Search results

1 – 10 of 20
Article
Publication date: 2 August 2019

Le Wang, Zao Sun, Xiaoyong Dai, Yixin Zhang and Hai-hua Hu

The purpose of this paper is to facilitate understanding of how to mitigate the privacy concerns of users who have experienced privacy invasions.

1497

Abstract

Purpose

The purpose of this paper is to facilitate understanding of how to mitigate the privacy concerns of users who have experienced privacy invasions.

Design/methodology/approach

Drawing on the communication privacy management theory, the authors developed a model suggesting that privacy concerns form through a cognitive process involving threat-coping appraisals, institutional privacy assurances and privacy experiences. The model was tested using data from an empirical survey with 913 randomly selected social media users.

Findings

Privacy concerns are jointly determined by perceived privacy risks and privacy self-efficacy. The perceived effectiveness of institutional privacy assurances in terms of established privacy policies and privacy protection technology influences the perceptions of privacy risks and privacy self-efficacy. More specifically, privacy invasion experiences are negatively associated with the perceived effectiveness of institutional privacy assurances.

Research limitations/implications

Privacy concerns are conceptualized as general concerns that reflect an individual’s worry about the possible loss of private information. The specific types of private information were not differentiated.

Originality/value

This paper is among the first to clarify the specific mechanisms through which privacy invasion experiences influence privacy concerns. Privacy concerns have long been viewed as resulting from individual actions. The study contributes to literature by linking privacy concerns with institutional privacy practice.

Open Access
Article
Publication date: 17 November 2021

Kunio Shirahada and Yixin Zhang

This study aims to identify the counterproductive knowledge behavior (CKB) of volunteers in nonprofit organizations and its influencing factors, based on the theories of planned…

4317

Abstract

Purpose

This study aims to identify the counterproductive knowledge behavior (CKB) of volunteers in nonprofit organizations and its influencing factors, based on the theories of planned behavior and well-being.

Design/methodology/approach

An online survey was used to collect 496 valid responses. A structural equation model was constructed, and the relationships among the constructs were estimated via the maximum likelihood method. To analyze the direct and indirect effects, 2,000 bootstrapping runs were conducted. A Kruskal-Wallis test was also conducted to analyze the relationship between the variables.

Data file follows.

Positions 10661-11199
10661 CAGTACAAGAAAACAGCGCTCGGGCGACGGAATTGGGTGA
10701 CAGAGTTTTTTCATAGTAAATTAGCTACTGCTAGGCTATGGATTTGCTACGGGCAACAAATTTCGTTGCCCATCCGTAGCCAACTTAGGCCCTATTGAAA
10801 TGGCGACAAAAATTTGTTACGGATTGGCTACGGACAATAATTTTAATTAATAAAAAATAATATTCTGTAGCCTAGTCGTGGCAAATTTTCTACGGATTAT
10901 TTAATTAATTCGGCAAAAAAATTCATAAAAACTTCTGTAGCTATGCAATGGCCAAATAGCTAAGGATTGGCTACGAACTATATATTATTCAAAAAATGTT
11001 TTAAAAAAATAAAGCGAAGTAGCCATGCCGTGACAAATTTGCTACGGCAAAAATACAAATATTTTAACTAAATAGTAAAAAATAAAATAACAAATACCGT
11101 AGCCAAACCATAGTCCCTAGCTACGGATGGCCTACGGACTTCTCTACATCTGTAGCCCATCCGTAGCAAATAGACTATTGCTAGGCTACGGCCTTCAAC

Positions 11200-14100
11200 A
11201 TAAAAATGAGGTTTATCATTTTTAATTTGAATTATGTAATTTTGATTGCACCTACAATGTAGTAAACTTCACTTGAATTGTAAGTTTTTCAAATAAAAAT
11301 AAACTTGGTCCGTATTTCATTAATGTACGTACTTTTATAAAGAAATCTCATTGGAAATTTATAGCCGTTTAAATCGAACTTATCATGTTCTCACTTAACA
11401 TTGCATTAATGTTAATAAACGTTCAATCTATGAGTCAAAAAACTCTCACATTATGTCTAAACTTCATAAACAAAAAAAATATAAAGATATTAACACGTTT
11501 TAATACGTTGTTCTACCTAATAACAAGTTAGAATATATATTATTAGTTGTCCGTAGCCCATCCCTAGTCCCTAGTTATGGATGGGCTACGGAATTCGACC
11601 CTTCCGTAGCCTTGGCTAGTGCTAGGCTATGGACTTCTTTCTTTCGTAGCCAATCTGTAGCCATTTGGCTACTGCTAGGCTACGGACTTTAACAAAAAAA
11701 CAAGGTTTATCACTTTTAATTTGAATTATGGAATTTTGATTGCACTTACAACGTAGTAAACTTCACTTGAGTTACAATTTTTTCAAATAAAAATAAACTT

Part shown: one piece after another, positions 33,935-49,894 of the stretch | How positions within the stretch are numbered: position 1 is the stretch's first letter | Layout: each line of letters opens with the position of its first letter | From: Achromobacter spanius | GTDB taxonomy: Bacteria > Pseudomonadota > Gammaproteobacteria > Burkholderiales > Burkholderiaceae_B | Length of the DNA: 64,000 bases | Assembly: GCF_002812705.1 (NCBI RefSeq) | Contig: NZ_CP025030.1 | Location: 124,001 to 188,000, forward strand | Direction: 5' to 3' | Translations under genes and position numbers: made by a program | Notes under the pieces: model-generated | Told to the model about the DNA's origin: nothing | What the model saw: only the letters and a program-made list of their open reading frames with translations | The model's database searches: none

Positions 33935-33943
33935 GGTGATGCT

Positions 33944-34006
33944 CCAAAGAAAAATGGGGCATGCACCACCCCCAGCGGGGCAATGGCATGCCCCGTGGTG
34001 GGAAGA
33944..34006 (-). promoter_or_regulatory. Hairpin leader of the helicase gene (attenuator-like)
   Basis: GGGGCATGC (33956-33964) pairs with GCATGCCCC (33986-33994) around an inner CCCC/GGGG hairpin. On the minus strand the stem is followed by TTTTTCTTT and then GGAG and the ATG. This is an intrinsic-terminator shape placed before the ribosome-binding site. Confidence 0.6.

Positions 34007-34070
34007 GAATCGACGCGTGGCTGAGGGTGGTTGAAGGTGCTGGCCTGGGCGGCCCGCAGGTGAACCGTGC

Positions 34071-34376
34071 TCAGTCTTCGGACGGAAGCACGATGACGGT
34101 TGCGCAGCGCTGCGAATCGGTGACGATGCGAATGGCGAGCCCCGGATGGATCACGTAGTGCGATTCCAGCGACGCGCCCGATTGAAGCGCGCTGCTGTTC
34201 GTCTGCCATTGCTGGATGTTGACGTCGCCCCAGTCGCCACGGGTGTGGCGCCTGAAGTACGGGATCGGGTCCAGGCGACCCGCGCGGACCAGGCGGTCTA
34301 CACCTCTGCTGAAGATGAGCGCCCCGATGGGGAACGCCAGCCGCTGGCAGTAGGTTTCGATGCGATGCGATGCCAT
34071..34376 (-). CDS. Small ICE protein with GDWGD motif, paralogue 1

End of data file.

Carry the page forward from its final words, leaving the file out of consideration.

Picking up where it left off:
Findings

A combination of organizational factors and individual attitudes and perceptions can be used to explain CKB. Insecurity about knowledge sharing had the greatest impact on CKB. A competitive organizational norm induced CKB while a knowledge-sharing organizational norm did not have a significant impact. Further, the more self-determined the volunteer activity was, the more the CKB was suppressed. However, well-being did not have a significant direct effect. Volunteers with high levels of well-being and self-determination had significantly lower levels of insecurity about knowledge sharing compared to those who did not.

Practical implications

Well-being arising from volunteering did not directly suppress CKB. To improve organizational efficiency by reducing CKB, nonprofit organization managers should provide intrinsically motivating tasks and interact with the volunteers.

Originality/value

There is a lack of empirical research on CKB in volunteer organizations; therefore, the authors propose a new approach to knowledge management in volunteer activities.

Details

Journal of Knowledge Management, vol. 26 no. 11
Type: Research Article
ISSN: 1367-3270

Keywords

Article
Publication date: 5 May 2020

Olli Säynätmäki and Yixin Zhang

This study aims to understand elderly people and their family members’ perceptions and usage of a mobile personal safety service.

Abstract

Purpose

This study aims to understand elderly people and their family members’ perceptions and usage of a mobile personal safety service.

Design/methodology/approach

The study adopts both interviews and analysis of actual usage data to cross-validate the findings. Four family groups and 11 subjects participated in the study.

Findings

Elderly people are willing to learn to use the mobile safety service, and some elderly people explore more features than their younger family members. Family support facilitates their learning. Elderly people feel psychologically secure when using the mobile safety service. Privacy concerns are mitigated because they consider location sharing is necessary for the service.